This podcast really got me thinking. I’ve always thought of cognitive functions as a unit that forces a type to act a certain way. For example in an INTP: Ti makes them come up with systems, Ne makes them brainstorm and expand or connect systems, Si makes them stationary (to accomplish/work out complex thoughts), then Fe eventually communicates it to everyone. I’ve never really thought of them as separate entities to be individually worked on -it’s an interesting perspective.
    When you guys said in the podcast that Ti and Fi is draining for you, do you think that ENTPs and ENFPs have more in common with each other than with intp/infp- their introverted type (since the introverts are pros at Ti and Fi). Ive heard that NTPs, NFPs, NTJs ect. are basically the same type because they share the first two functions. But in this podcast it seems that the types that share the dominant function is closer in relashion; like ENTJs would be closer to ESTJ than INTJ because Te is really developed while Ni isn’t (unless really worked on).
    -sorry if the wording is confusing, it was difficult to write my thoughts out clearly.

  • EB

    I enjoyed this podcast. I took the test and came out as ISFP though I relate a lot to INFP and INFJ as well, so… Hmm. I work as a nurse in an ER which exhausts me to no end (but I enjoy it). Not sure if this had to do with my 10 yr old but a lot of times I start to feel insecure and down on myself and feel like an outsider. Any advice?

  • Taj

    I am in between jobs and I am currently living with my parents. I feel almost always stressed since I can’t seem to get many opportunities for personal space without external noise and distractions. I do occasionally go to libraries and coffee shops. However, my survival work and job search makes it hard for me to have a steady schedule. What do you do if you have limited control of your environment. I am an INTJ.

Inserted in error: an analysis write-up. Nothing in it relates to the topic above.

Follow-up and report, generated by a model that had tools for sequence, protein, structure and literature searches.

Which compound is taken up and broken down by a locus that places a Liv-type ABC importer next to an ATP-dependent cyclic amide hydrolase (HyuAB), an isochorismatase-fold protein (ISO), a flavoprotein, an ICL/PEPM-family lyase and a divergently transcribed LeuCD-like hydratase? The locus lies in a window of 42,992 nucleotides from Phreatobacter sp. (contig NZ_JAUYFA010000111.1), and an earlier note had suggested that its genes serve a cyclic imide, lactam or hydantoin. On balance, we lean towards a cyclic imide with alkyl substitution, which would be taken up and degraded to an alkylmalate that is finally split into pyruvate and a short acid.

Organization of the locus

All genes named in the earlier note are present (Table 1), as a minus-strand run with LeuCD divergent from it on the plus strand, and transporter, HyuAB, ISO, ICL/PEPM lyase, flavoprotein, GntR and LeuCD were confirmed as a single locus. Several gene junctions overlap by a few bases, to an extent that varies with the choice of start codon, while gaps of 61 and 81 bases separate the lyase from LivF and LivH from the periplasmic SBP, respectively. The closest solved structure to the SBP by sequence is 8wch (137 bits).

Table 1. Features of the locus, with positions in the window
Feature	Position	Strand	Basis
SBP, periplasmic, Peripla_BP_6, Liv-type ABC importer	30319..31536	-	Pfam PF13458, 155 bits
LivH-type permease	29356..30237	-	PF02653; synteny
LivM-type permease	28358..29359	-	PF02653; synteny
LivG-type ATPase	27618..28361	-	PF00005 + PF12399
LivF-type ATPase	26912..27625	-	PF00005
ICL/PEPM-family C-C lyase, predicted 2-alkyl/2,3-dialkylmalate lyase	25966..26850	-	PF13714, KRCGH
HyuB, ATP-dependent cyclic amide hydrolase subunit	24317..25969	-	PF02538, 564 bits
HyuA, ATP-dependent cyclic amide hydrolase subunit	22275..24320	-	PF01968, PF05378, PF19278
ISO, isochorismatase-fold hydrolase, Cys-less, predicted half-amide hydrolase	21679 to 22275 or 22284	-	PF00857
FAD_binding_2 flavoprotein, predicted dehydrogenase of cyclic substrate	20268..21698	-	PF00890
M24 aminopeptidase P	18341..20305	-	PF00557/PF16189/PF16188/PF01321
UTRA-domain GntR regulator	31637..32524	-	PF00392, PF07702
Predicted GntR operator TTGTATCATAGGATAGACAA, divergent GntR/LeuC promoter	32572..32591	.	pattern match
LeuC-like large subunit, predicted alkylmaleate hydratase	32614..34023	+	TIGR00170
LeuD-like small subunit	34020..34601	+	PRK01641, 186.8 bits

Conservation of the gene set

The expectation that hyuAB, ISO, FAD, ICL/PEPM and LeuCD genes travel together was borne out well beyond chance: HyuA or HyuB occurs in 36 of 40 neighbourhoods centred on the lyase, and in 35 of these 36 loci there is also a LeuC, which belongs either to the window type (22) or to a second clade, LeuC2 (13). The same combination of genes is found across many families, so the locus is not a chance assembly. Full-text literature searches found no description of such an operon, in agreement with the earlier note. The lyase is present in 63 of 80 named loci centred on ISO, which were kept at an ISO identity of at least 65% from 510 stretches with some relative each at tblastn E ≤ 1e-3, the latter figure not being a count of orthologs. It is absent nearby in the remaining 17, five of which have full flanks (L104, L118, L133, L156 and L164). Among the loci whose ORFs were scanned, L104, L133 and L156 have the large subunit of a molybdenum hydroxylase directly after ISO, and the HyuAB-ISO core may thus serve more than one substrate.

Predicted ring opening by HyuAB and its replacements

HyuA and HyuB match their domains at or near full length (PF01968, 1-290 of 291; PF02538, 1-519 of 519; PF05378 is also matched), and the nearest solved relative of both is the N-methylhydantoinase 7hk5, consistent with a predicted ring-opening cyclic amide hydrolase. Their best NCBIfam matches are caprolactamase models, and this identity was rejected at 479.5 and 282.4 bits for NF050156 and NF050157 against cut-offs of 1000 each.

• RED

    You mentioned the book “Getting Things Done” was probably best for a specific type of personality. Would you mind saying which? It’s on my To-Read book list, and I’m curious. If you think it’s excellent for my type or a similar one, I’ll probably put it up higher on my list.

    • Joel Mark Witt

      In my opinion… I think “Getting Things Done” will work well for ESTJs and ENTJs. It will be AMAZING for ISTJs and INTJs. Other types may or may not get mileage from it. But the four TJ types will be served the best.

      • RED

        Cool, thanks. I’m an INTP, so it likely won’t be quite as effective for me. But I’ll still read it. For one thing, it will give me information about how other people work, especially TJ’s, which is always interesting. But also I often can pick up one or two tips from books like that, even if they aren’t suited to me in many aspects.

  • Mel

    OMG – you’ve absolutely hit my insomnia on the head (I’m INTJ). I think that’s why I smoke, to give me mini-sensory breaks but obviously I need to give myself more (and then maybe I can give up smoking).